For more than 100 years, primary pupils have had substantially less money spent on them than their secondary counterparts, but it is only comparatively recently that the disparity has caused real resentment.
It isn't only primary heads and governors who are now complaining about the funding imbalance either. Chris Woodhead, the chief inspector, weighed into the controversy last month when he told the Association for Science Education conference that secondary schools got an "unfair slice" of the national education cake and called for an investigation.
Can the funding disparity be justified? And, if not, what should be done about it?
Such questions have been exercising minds since local management put the spotlight on individual school budgets, and the introduction of the national curriculum emphasised the continuum of education from 5-16 and altered the nature of primary schooling.
The upshot is that education authorities nationwide have been coming under pressure to rectify the discrepancy. The latest, Buckinghamshire, was presented with a petition by primary heads and governors last month.
Today's primary staff are expected to teach almost the same range of subjects as their secondary colleagues. This means they need the subject-specialist knowledge and the non-contact time that secondary teachers always have had. Unfortunately, they have not been getting them.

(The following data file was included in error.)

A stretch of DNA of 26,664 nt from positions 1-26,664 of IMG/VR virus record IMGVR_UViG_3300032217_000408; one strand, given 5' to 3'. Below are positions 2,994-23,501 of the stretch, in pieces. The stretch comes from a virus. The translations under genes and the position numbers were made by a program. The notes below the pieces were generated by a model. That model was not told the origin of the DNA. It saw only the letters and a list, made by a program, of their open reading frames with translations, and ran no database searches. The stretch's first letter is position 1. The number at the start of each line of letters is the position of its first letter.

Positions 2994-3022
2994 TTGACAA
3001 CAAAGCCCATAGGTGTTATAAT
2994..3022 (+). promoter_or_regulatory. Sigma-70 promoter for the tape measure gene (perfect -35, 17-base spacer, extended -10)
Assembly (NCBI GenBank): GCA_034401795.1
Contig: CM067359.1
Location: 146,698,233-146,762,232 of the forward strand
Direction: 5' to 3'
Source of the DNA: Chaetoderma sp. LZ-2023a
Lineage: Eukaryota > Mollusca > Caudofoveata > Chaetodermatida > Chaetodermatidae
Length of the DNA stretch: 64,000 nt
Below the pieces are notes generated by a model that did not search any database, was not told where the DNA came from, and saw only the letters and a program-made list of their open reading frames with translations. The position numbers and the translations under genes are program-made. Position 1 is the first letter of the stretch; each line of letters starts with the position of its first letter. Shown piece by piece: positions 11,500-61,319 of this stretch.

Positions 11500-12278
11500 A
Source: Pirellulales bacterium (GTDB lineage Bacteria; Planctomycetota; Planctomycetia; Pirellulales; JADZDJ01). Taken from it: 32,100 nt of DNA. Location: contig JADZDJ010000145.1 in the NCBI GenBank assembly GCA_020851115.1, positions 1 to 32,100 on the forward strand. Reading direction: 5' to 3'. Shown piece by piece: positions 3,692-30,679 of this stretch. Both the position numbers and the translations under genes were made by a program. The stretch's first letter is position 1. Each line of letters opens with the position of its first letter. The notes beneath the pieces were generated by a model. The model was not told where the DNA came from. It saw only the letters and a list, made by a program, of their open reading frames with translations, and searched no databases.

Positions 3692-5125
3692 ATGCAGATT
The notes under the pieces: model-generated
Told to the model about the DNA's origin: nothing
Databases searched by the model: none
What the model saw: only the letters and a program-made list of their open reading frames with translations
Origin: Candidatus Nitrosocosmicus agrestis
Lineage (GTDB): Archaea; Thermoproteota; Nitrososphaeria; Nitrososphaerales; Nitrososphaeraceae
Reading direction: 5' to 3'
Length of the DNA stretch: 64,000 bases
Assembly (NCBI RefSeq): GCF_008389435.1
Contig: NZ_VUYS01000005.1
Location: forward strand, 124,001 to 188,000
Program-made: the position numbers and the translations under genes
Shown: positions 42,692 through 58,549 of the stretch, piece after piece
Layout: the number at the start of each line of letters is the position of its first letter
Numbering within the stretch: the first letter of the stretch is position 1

The gap in primary and secondary spending was raised in the so-called Three Wise Men's report on primary education in 1992 (Mr Woodhead was one of the three). It highlighted, in particular, the funding disparity between Years 6 and 7 (top primary and bottom secondary) and said there was "no justification" for it.
Soon afterwards, the Commons education select committee decided to investigate. Its report, published in 1994, found spending on secondary pupils was 40 to 50 per cent higher than spending on primary children. It concluded that the differential was too large and should be reduced.
The MPs argued that primaries needed more money for staffing flexibility to teach the national curriculum and to deal with the administrative load created by local management. Any new money should go to primary schools, they said.
The Government, however, did not agree. Arguing that the balance of funding between primary and secondary education was a matter for local authorities, it declined to help primary schools. And it pointed out that local authorities were beginning to shift spending anyway .
Latest figures given in answer to a parliamentary question in November last year show cash spending is rising by 9.7 per cent for primary schools and only 0.2 per cent for secondaries in the four years 1992-93 to 1996-97.
That shift has been feeding through into the spending allocations - the standard spending assessments for education - given annually by the Government to local authorities. These SSAs are a slow, conservative way of changing spending patterns because they are based on the sum total of individual decisions taken by local authorities in previous years.